Although his daughter Marina is far better known to posterity than he, Ivan Vladimirovich probably inspired some of her Silver-Age poetic sensibilities with his interest in philology and antiquities. The family lived for several years in Italy, where Ivan studied Latin epigraphy. He was instrumental in the building of the Museum of Fine Arts named for Alexander III (renamed now for Alexander Pushkin), and served as its first director when it opened in 1912. At his inspiration, the museum included artefacts from Classical Antiquity through the Middle Ages. His brother Dmitrii was deeply involved with the culture of medieval Rus’ at the Moscow Archeological Institute and the Archive of the Ministry of Justice.
A lightning rod for many issues, Samokvasov levied his influence at a number of the archeological congresses. He combined his positions as director of the Archive of the Moscow Ministry of Justice with that of law professor at the University of Warsaw, and one of the most creative archeologists of the Stone Age. A devoted monarchist, he belonged to the ultra-conservative Union of Russian People after 1905.
Nikitskii was yet another priest’s son who received his education in the seminary, but was sent to St. Petersburg to train for a career as a teacher. His talents at Greek would have been wasted at a gymnasium, and he became a respected scholar of Greek epigraphy. He also taught at the St. Petersburg Women’s Pedagogical Institute. At the Odessa Congress, he argued that Novgorod had already opened a Window on the West via trade through the Neva, so Muscovite conquest was detrimental.
Adolf Pavinskii spent his teaching career at the University of Warsaw, then a part of the Russian empire. He had studied in Germany with Leopold Ranke, and published in several languages, including German. His specialty lay in perhistoric Poland and the evolution of Slavic tribes. He also worked in the main archive of Poland.
A medical doctor, Lev Ivanovskii taught anatomy to the female students in the Military Surgical Academy, and also served both St. Petersburg and Warsaw. He excavated in several kurgans in European Russia, but his major contribution was to write “Instructions for the Descriptions of all Forms of Excavations,” which he presented at the 3rd Congress in Kiev, in 1874. He worked at St. Petersburg Medical Academy.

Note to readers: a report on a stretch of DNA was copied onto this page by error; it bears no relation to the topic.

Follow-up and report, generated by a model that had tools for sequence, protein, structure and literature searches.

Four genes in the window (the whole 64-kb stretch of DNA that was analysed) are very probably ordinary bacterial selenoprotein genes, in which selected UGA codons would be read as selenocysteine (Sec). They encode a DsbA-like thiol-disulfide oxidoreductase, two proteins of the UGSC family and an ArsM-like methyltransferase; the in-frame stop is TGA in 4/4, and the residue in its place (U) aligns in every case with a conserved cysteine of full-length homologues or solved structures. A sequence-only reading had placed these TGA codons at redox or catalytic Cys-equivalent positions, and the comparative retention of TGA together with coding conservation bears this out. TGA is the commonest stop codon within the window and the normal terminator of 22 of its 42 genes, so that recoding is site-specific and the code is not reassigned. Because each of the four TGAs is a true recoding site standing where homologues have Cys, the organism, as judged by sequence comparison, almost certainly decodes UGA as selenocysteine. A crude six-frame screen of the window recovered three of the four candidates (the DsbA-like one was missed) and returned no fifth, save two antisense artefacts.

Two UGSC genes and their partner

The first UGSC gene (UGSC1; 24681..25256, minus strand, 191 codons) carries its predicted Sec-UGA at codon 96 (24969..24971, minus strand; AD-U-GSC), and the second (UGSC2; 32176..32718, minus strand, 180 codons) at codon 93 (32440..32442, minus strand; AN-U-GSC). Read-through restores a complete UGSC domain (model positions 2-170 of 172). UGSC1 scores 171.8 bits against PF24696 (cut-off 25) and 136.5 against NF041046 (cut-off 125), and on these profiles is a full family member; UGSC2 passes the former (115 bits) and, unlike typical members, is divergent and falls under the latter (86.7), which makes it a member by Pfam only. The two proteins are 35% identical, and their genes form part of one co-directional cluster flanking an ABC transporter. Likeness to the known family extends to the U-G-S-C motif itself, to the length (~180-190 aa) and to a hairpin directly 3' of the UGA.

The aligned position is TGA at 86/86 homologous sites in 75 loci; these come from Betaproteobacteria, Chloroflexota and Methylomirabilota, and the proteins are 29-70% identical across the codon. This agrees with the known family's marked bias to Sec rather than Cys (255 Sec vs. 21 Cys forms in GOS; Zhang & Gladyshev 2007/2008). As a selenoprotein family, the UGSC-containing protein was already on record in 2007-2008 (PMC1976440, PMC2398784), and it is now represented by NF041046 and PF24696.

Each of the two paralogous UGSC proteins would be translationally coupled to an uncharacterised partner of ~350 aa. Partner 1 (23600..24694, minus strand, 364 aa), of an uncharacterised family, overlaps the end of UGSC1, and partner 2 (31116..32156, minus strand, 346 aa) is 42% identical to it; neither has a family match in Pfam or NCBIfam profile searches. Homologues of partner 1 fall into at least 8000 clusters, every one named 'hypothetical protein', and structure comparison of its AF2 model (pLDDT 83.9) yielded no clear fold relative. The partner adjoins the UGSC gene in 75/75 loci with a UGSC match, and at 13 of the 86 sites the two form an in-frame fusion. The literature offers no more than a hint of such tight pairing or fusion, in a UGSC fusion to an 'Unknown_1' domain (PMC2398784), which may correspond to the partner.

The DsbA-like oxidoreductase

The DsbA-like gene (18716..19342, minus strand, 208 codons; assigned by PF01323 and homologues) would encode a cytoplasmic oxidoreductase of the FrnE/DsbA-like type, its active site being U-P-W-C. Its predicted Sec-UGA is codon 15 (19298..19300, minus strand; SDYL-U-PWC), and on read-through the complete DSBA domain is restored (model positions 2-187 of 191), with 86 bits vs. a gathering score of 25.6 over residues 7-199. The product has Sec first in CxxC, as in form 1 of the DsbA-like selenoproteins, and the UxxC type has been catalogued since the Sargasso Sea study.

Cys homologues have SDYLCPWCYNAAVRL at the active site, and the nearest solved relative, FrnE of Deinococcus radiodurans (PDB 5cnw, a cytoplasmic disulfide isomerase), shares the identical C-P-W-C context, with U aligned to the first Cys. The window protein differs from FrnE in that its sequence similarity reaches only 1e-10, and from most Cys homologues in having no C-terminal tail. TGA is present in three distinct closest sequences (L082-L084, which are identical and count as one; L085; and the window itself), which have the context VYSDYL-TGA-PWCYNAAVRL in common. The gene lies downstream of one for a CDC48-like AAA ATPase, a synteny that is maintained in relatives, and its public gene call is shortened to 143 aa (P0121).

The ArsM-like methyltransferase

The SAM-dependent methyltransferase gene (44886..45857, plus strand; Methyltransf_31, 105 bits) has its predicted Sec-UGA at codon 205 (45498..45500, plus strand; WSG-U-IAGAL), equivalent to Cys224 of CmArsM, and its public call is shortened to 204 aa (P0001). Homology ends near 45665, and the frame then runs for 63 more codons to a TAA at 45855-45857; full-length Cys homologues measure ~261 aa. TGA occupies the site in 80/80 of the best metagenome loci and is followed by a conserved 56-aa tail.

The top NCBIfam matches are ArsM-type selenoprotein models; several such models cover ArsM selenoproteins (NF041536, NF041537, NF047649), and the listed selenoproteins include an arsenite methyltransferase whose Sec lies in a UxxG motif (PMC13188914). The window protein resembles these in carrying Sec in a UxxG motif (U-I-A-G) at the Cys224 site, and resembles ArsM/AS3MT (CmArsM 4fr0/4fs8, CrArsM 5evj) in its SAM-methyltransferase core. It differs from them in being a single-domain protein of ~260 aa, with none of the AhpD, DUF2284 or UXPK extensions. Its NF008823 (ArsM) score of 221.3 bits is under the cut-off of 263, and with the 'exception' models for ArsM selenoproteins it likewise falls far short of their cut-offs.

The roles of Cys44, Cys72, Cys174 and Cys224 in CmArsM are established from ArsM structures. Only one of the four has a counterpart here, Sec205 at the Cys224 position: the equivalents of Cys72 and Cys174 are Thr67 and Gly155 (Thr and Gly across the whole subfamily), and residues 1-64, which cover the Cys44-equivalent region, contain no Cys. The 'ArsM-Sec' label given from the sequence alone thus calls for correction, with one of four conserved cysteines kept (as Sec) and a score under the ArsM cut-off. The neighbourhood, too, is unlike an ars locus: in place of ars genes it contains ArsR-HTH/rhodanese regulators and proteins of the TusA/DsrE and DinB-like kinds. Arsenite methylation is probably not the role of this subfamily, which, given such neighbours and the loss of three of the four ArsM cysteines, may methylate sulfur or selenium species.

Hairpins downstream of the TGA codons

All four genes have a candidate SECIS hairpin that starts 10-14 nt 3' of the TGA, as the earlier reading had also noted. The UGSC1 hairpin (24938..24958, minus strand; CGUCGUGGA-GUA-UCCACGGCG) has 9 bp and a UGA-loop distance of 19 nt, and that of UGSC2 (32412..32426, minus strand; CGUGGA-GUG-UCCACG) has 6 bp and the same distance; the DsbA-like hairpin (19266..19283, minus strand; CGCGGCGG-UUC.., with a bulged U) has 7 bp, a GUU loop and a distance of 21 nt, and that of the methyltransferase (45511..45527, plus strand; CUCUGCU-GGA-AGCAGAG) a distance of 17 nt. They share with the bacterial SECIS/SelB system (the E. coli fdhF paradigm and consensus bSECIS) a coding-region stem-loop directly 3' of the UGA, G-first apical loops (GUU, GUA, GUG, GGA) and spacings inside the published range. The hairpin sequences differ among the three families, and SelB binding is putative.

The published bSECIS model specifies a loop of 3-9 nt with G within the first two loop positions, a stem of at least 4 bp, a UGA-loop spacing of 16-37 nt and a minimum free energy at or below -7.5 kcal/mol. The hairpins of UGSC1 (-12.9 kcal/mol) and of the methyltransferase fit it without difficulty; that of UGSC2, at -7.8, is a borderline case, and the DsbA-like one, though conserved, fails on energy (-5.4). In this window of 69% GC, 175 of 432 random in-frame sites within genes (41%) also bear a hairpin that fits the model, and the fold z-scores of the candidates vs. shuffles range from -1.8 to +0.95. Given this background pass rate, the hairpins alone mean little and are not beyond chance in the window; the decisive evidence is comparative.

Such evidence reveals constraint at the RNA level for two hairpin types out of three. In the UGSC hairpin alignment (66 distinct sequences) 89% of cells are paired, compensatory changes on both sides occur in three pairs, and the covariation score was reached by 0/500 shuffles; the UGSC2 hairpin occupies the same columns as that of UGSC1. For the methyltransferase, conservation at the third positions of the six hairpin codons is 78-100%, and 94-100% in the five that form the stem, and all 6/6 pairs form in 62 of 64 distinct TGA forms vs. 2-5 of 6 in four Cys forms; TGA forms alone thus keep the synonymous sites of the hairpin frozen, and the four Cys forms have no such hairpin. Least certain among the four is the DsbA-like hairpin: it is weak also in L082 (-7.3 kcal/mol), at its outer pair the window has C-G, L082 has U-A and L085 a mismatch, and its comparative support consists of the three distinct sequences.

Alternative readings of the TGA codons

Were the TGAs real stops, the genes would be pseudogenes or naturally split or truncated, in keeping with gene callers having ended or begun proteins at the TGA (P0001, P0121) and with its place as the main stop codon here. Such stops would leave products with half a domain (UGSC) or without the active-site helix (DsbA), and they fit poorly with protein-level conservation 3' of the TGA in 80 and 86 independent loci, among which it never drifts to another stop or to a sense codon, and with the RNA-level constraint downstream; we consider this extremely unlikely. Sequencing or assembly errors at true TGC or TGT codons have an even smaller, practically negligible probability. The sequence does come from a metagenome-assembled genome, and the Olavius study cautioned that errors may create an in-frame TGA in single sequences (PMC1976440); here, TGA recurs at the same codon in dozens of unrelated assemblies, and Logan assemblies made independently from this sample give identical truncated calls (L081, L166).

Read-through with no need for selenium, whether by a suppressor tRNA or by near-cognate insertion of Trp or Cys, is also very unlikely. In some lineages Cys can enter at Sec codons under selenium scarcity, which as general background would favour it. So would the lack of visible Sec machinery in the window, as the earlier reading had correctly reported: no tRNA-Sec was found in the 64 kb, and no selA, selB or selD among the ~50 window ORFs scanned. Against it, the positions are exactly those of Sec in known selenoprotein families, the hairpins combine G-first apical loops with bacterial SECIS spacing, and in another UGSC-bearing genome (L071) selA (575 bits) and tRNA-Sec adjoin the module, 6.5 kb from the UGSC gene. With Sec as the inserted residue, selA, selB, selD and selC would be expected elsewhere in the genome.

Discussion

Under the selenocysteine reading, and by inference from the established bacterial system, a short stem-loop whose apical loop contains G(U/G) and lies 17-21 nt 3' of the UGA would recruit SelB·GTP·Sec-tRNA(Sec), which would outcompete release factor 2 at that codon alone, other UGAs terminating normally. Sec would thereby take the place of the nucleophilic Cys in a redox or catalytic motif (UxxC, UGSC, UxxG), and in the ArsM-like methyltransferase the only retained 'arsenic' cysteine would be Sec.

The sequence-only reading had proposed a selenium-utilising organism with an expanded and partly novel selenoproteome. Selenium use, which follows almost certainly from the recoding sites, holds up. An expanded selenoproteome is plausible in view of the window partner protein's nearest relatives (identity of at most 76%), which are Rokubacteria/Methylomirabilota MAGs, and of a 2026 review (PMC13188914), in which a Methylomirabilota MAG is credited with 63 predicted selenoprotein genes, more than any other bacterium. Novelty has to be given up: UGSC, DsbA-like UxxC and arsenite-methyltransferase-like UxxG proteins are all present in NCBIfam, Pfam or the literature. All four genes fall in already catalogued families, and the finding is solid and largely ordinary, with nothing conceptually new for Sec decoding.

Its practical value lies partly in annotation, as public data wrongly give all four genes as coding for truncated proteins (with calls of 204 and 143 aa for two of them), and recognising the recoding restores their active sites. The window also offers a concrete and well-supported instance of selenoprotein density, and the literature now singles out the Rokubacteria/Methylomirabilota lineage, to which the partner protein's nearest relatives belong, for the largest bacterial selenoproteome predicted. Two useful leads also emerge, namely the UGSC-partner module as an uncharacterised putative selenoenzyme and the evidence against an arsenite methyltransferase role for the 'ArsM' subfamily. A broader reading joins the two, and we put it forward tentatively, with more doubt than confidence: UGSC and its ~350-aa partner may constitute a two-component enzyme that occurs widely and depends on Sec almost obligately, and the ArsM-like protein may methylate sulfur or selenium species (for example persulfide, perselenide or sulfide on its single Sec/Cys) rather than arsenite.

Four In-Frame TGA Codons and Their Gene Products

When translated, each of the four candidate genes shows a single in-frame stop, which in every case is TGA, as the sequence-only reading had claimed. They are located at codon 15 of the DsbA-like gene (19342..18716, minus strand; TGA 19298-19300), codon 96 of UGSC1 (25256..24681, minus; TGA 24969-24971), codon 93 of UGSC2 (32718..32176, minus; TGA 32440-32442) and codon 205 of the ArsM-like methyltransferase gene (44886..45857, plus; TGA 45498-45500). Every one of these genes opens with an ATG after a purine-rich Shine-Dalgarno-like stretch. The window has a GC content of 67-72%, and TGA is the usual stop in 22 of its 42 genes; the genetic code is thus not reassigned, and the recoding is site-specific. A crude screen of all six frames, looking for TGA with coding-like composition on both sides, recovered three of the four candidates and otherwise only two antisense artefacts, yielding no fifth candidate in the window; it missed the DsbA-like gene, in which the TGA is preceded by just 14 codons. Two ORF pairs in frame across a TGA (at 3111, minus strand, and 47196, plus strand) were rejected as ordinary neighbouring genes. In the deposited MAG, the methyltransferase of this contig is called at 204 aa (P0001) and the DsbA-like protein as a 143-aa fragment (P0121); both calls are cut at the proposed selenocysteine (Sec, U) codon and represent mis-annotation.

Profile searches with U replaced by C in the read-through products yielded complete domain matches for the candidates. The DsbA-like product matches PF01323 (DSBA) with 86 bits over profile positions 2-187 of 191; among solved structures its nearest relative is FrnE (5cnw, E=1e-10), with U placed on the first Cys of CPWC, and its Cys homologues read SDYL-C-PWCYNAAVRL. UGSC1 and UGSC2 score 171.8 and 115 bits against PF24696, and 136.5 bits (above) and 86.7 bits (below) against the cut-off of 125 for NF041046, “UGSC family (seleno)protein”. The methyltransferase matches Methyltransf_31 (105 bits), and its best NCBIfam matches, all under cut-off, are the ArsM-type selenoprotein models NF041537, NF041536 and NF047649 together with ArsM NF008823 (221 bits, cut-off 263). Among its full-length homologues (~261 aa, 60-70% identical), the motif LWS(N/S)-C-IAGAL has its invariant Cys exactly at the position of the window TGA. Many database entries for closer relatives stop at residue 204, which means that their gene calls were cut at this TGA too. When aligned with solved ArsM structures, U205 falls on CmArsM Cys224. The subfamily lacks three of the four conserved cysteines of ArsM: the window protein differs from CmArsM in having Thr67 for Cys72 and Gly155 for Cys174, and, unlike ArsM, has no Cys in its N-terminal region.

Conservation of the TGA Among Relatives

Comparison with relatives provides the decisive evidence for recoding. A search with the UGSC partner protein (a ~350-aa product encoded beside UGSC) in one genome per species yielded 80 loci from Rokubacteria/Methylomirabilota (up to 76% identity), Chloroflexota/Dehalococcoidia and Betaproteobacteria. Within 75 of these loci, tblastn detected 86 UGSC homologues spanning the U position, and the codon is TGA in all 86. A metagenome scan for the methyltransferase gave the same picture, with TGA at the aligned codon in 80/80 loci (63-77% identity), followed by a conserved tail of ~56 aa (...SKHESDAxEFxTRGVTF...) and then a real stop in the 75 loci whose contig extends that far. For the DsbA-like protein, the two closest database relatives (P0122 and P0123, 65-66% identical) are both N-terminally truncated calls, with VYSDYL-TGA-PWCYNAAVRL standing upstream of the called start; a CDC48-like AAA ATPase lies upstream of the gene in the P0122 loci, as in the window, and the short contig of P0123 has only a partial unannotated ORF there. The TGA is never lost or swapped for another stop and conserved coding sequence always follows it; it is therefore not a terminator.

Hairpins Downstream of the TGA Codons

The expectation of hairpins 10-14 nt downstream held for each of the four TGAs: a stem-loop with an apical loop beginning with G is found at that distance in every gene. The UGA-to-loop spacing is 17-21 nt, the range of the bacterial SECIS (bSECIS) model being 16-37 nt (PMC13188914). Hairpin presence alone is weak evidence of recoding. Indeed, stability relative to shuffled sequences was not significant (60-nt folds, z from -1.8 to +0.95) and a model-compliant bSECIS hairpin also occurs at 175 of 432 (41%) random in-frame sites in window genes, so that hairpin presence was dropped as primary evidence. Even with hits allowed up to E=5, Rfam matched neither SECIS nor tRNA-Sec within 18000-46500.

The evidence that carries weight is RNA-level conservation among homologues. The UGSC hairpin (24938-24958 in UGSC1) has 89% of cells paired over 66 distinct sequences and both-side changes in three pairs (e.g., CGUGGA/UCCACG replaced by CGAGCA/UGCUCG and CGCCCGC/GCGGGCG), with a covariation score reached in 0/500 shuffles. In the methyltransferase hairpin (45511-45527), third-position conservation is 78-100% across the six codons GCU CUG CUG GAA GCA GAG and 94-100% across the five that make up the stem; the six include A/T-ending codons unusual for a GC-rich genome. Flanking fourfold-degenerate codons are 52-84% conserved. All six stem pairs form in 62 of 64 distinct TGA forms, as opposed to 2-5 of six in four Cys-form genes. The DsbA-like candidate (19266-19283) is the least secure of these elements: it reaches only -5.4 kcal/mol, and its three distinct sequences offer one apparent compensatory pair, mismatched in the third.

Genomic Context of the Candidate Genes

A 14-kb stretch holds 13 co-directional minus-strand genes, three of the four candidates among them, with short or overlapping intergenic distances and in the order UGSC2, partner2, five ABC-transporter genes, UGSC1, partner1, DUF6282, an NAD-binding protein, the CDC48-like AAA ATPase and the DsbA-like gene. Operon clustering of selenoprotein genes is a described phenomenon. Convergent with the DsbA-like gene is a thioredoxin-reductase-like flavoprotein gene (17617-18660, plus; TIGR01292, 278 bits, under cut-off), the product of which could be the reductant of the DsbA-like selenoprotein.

From an Orthodox noble family that had fled the Poland-Lithuania Commonwealth to Sloboda Ukraine and registered with the Zaporozhian Cossacks, Evarnitskii became their most committed historian. After studying with Sumtsov at Kharkov University, he began excavating in the region of the Dnepr rapids when he wasn’t traveling to lecture on Cossacks. He taught briefly at Kharkov University where in 1885 he stood accused of advocating south Russian separatism. Moving to St. Petersburg to teach at the pedagogical institute, he made friends with renowned artist Ilya Repin, who used Evarnitskii as the model for the scribe in his painting “Cossacks write a letter to the Turkish Sultan” (pictured here). He landed a position at St. Petersburg University, from which he was expelled in 1891 for his Ukrainophilism, sent to Central Asia where he excavated for three years. In 1895 he began lecturing at the University of Warsaw, moving quickly to Moscow University. In 1902 the Ekaterinoslav zemstvo invited him to curate the archeological museum left to them by philanthropist-merchant A. N. Pol’, the driving force behind the iron industry in the area. Following the Bolshevik Revolution he organized a Department of Ukrainian Studies at the newly opened university in Ekaterinoslav. Today the museum is named for him. NB: He changed the spelling of his name to Iavor- when he discovered that his family had fled from that region.
Danilevich counted among the influential and politically active archeologists who had studied first under V. B. Antonovich at Kiev’s St. Vladimir University. After graduating in 1896, he taught history at numerous gymnasia around the empire: Baku, Iurev (Tartu), Revel (Tallin) until 1903, when he became a privat-docent at Kharkov University. Danilevich was renowned for using archeology to teach history, and his lectures became a textbook. He moved to St. Vladimir in 1907, and then to Warsaw University in 1915. In 1917 he supported socialism, if not necessarily Bolshevism. During Ukraine’s short-lived independence, he taught at the university in Kiev, and then in schools around the city following the advent of Soviet power. He directed the Archeological Commission at the Ukraine Academy of Science.